Los Angeles often is derided as la-la land, but that moniker could apply just as easily to Sacramento, where the nation’s latest example in nanny-state micro-regulation of citizens’ lives has sprung.
Officials in the Golden State’s capital want to ban big-screen televisions as part of their crusade against global warming.
Big-screen TVs are energy hogs, consuming more power than smaller sets. Yet they are extremely popular with consumers. There are an estimated 35 million television sets in the state, and Californians buy about 4 million new TVs a year.
Regulators fear that increasing numbers of big-screen televisions will lead to greater electricity consumption and more greenhouse gas emissions. So the sale of televisions with screens 40 inches or bigger would be banned under a plan the California Energy Commission unveiled to regulate the energy efficiency of TVs sold within the state’s borders.
Sacramento’s mandarins are attempting to sell this scheme by pointing to the money consumers will save. Televisions account for about 10 percent of a home’s energy bill, and regulators say the new measure will save consumers from $18 to $30 a year.
“I don’t know anyone who doesn’t like to save money,” said a spokesman for the California Energy Commission.
By and large, however, consumers understand that bigger TVs mean somewhat higher power bills and are happy to make that trade-off. To them, it is worth $1 to $3 a month to enjoy a superior viewing experience. Brisk sales of big-screen TVs show that consumers don’t mind paying the marginal increase in electricity prices in exchange for the benefits, convenience, and pleasure derived from a bigger television.
Claiming that electricity should be rationed to save consumers from their own entirely sensible economic choices is patronizing. Down deep, this is really about California officials’ inability to recognize the realities of markets and human behavior. It is about their unwillingness to adopt policies that accommodate consumers’ habits and desires.
The New York Times noted recently that “Americans now have about 25 consumer electronic products in every household, compared with just three in 1980.” Though our recent energy debates have focused on oil, America’s real energy trends have to do with the increasing electrification of our economy.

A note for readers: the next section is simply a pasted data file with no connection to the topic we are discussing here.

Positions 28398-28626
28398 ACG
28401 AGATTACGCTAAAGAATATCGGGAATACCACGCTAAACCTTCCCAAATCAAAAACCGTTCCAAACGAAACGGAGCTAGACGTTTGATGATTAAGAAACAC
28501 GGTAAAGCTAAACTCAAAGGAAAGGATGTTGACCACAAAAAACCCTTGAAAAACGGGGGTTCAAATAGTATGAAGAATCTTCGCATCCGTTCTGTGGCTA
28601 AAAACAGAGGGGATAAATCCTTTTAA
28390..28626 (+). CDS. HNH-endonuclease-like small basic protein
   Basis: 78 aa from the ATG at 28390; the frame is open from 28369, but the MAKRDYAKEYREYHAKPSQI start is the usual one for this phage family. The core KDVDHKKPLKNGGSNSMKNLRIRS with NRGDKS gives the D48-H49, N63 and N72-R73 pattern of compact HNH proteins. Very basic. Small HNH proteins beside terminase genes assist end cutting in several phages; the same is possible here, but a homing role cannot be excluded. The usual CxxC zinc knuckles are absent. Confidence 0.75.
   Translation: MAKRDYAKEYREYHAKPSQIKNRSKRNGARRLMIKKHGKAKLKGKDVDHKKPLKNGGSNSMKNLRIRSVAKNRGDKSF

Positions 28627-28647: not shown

The International Energy Agency calculates that electrical gadgets of all sorts account for about 15 percent of households’ electricity bills. More than that, the agency figures that the energy consumed from these gadgets (as well as from the infrastructure that supports information technology) will double by 2020 and triple by 2030.
Policymakers should embrace that reality, not deny it. They should take steps to build more power plants that can produce industrial-scale electricity from reliable sources such as natural gas, nuclear, and coal.
Yet California has it backward, with a moratorium on building nuclear plants in the state, and no large-scale coal plants to speak of in the state. And while the Golden State has imported a significant amount of coal-generated electricity from Western neighbors in recent years, Sacramento is trying to cut off those sources too. Instead, state policies seemed geared only toward building uneconomical wind and solar plants that produce sporadic power ill-suited for a 21st-century economy.
A policy in which the government tells Californians it knows what televisions are good for them is suffused with irony, because it won’t work. The regulations will outlaw the sale of certain TVs within the state. That won’t stop consumers from buying the TVs they want on shopping trips to Las Vegas or Lake Tahoe, or online (or via the black market).
And even if the California Energy Commission’s efforts did succeed in minimizing the growth in the state’s electricity demand, it will have virtually no impact on global temperatures.
So what’s the point? If it is to preen and to strike a green pose, mission accomplished. If it’s to do anything worthwhile for taxpayers, then the California Energy Commission should shelve this ridiculous, paternalistic proposal. Too often California’s environmental ideas travel east and become enshrined in the laws and regulations Washington promulgates.
Let’s hope this idea dies at the Golden State’s border.
Max Schulz is a senior fellow at the Manhattan Institute.
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